‘Chopped’ rabbi shows the joy of kosher cooking
search
ChabadPreparing for Passover

‘Chopped’ rabbi shows the joy of kosher cooking

“Every flavor God created on the prohibited side, he created one on the permitted side."

Rabbi Hanoch Hecht leads a virtual Passover cooking demonstration for a program hosted by Chabad of Western Pennsylvania. (Screenshot by Justin Vellucci)
Rabbi Hanoch Hecht leads a virtual Passover cooking demonstration for a program hosted by Chabad of Western Pennsylvania. (Screenshot by Justin Vellucci)

Rabbi Hanoch Hecht — a Chabad emissary living and working in Duchess County, north of New York City — remembers the video clip his mother showed him some seven years ago at her home in Crown Heights.

The video showed a young, aspiring chef, with a shaved head and a shaved face, competing on a Food Network show and saying he left Chasidism, in part, because he could not experience pleasure through food.

The video stunned Hecht.

“Every flavor God created on the prohibited side, he created one on the permitted side,” Hecht told a virtual audience at an event hosted by Chabad of Western Pennsylvania on March 8. “This statement [the Food Network chef] said, of kosher being limiting, is not true.”

Hecht studied at the Culinary Institute of America in New York, and eventually made it onto Food Network himself. He was the first rabbi to appear on the network’s show “Chopped” and competed against a priest and a nun-in-training on a special episode titled “Leap of Faith.” During the March 8 program, Hecht told his audience that he appeared on “Chopped” to counter the earlier chef’s statements about kosher cooking and religiosity.

Monday’s event also featured Hecht preparing a red wine Spanish sangria — complete with cognac and quartered blood oranges — as well as fresh “Pesach cookies” made from almond flour he ground in a food processor, husks and all. The recipe for the cookies can be found in his book, “Kabbalah of Food.”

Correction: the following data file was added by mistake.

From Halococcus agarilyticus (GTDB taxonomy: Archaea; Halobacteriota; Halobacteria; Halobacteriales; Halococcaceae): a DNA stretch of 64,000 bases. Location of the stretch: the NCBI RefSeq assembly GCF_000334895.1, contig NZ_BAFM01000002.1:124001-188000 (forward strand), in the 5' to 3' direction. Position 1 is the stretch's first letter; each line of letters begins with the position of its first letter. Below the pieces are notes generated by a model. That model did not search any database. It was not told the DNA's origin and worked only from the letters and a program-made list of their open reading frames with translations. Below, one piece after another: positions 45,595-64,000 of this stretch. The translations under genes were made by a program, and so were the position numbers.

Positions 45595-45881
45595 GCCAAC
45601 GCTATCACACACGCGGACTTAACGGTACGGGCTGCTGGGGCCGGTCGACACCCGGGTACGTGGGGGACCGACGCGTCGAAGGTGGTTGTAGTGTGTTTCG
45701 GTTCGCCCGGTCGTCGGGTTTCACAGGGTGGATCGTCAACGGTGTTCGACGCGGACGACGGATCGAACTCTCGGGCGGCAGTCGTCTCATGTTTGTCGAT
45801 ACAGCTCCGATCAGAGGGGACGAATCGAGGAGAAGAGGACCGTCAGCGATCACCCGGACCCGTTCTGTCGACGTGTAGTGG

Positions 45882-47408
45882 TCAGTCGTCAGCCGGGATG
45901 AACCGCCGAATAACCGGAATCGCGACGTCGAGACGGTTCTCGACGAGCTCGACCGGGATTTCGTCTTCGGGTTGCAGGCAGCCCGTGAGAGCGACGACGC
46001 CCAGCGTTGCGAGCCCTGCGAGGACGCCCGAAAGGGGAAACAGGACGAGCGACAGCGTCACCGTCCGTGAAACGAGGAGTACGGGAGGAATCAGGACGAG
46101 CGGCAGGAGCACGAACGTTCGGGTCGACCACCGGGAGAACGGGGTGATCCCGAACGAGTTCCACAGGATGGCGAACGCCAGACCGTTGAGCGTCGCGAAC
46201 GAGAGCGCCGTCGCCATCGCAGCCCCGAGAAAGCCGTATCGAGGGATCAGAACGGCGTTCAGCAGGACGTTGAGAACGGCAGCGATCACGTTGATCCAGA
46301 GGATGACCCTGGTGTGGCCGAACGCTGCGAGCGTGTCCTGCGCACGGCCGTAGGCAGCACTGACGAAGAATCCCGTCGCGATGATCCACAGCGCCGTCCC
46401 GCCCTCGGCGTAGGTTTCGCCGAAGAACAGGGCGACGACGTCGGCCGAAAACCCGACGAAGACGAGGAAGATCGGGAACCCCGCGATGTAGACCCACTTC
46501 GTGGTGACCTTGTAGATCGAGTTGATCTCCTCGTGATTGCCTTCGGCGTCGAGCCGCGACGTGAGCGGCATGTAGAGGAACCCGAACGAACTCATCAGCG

“Our job is to enjoy and celebrate the physical world,” Hecht told participants via Zoom. “Pleasure is a thing we need to experience to elevate the world.”

He said the debate about the physical experience of eating kosher food is not new. But he remains steadfast in his opinion that kosher food can be done well.

“When it comes to food, there are many, many laws that guide us,” he said. “But when we actually eat, we have to enjoy it.”

Rabbi Mendy Schapiro, who leads Chabad of Monroeville, said several Chabad centers around the Pittsburgh region were hosting pre-Passover programs and the idea of joining together to host the Hecht event was to help make pre-Passover shopping an educational experience.

“The program typically includes information about kosher food and the Passover ‘twist,’ along with sharing Passover recipes and insights,” Schapiro told the Chronicle. “Rabbi Hecht is someone who offers the full package. He is a chef with lots of cooking experience, he has recently authored a book on the Kabbalah of food and, to add to the appeal, he has competed on a well-known cooking show, ‘Chopped.’”

The Chabad event was positioned as a special treat because “people are starting to be more selective on their Zoom event participation,” Schapiro said.

“The community programming has to be presented in a way that it checks off all the boxes,” he said. “As we prepare for Passover, we wanted to present exactly that — a fun, educational Passover foods program with a great speaker.”

The “Chopped” episode “Leap of Faith” in which Rabbi Hecht competed will air on Food Network on March 30 at 3 p.m. It also is available on streaming services such as Hulu. PJC

Justin Vellucci is a freelance writer living in Pittsburgh.

read more:
comments